The Rochester International Film Festival, the world’s oldest continuously-held short film festival, has been produced each year since 1959 by Movies on a Shoestring, Inc. Each festival includes a wide variety of narrative films, documentaries, and animations submitted by independent filmmakers from all parts of the world.
All filmmakers are invited to submit entries for consideration. Each film selected for the festival is awarded our distinctive Shoestring Trophy. Since films are made to be seen, we offer appreciative, movie-wise audiences to view your work at the Dryden Theatre, George Eastman House International Museum of Film and Photography in Rochester, NY.
Movies on a Shoestring Inc.was founded in 1959 by a group of Rochester-area movie enthusiasts to provide a venue for independent filmmakers to present their cinematic creations. The name was a double entendre: most amateur filmmakers shot on 8 mm back then, and the narrowness of the stock led it to call it “the shoestring gauge.”
We held our first public exhibition at the Rochester Public Library. It consisted of 16 films made by people from the Rochester area. During the second year a film from Toronto, Ontario, Canada was included, and in a modest sense Movies on a Shoestring became an international festival. That was also the year we moved the show to the Dryden Theatre through the courtesy of George Eastman House. Three hundred people attended the performance.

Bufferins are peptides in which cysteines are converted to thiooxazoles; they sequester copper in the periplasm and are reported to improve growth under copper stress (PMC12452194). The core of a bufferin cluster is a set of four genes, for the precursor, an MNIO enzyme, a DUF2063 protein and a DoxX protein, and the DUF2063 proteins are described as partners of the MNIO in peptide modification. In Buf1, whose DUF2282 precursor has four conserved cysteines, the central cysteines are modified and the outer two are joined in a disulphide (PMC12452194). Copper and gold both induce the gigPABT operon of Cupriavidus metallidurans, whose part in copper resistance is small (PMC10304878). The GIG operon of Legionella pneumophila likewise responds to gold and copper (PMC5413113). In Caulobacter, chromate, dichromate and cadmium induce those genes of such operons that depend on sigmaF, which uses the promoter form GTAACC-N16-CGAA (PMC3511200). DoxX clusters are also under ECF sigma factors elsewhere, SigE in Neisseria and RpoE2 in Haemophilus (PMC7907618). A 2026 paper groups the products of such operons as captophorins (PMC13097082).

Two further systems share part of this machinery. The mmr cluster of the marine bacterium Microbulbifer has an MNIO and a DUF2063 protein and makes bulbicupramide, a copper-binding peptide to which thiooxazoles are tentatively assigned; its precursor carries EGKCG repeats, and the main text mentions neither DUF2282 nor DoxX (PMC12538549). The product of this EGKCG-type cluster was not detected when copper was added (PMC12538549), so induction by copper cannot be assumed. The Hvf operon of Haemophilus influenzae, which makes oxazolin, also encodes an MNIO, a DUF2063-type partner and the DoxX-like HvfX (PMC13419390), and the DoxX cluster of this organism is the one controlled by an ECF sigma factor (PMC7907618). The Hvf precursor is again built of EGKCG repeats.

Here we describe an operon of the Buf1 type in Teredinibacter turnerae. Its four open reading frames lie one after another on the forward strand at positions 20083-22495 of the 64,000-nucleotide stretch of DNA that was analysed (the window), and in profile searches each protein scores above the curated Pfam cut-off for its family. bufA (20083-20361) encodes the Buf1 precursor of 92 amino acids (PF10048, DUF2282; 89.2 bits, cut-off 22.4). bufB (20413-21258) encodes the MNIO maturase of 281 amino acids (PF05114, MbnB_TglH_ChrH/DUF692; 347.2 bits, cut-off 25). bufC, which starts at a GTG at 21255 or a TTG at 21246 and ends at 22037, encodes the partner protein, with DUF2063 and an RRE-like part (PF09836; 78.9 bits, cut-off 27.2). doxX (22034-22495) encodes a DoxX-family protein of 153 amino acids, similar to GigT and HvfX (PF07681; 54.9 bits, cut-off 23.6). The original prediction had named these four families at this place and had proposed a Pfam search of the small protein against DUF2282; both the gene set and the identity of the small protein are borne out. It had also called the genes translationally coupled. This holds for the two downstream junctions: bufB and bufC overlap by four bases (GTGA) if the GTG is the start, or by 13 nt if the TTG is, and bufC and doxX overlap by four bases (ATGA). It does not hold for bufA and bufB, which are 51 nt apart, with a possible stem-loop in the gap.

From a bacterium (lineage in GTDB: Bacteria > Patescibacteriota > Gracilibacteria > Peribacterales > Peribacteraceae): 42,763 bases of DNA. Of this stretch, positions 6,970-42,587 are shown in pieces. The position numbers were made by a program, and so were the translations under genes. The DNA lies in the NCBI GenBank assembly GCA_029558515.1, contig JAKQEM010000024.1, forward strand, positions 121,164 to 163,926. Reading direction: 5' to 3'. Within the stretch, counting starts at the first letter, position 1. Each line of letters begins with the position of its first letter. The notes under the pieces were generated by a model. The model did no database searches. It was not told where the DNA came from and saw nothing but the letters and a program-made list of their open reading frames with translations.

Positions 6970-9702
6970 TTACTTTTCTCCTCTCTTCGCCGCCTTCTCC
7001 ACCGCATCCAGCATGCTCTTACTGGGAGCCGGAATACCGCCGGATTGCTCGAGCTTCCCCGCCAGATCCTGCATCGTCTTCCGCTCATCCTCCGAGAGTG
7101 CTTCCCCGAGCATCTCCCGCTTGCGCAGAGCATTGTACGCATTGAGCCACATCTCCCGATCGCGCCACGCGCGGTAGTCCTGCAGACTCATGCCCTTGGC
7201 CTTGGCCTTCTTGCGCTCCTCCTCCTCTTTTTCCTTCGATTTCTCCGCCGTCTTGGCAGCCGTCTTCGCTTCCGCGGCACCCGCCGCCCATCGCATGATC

1964 was our first truly international year. We received films from all over the United States as well as five foreign countries. This international activity prompted us in 1965 to identify our shows as the Rochester International Movie Film Festival and to become a charter member of the International Association of Amateur Film Festivals, a world-wide organization dedicated to establishing standards and consistency among festivals of this type.
By 1971 Movies on a Shoestring had firmly established itself among the world’s leading amateur festivals, so we modified our name to the Rochester International Amateur Film Festival. In 1983 we accepted our first video entries. The worldwide growth of film schools and of the film industry in general has led to a great increase in the number of professional quality short films being produced and competing for spots in our festival, so in 1996 we dropped the word “amateur” from our name and became The Rochester International Film Festival.
To provide independent filmmakers even greater public exposure, beginning in 1972, selected films from each year’s festival, based on audience surveys taken at each show, have been assembled into a traveling show called The Best of the Fest. We have made it possible to loan the traveling show, free of charge, to organizations around the state.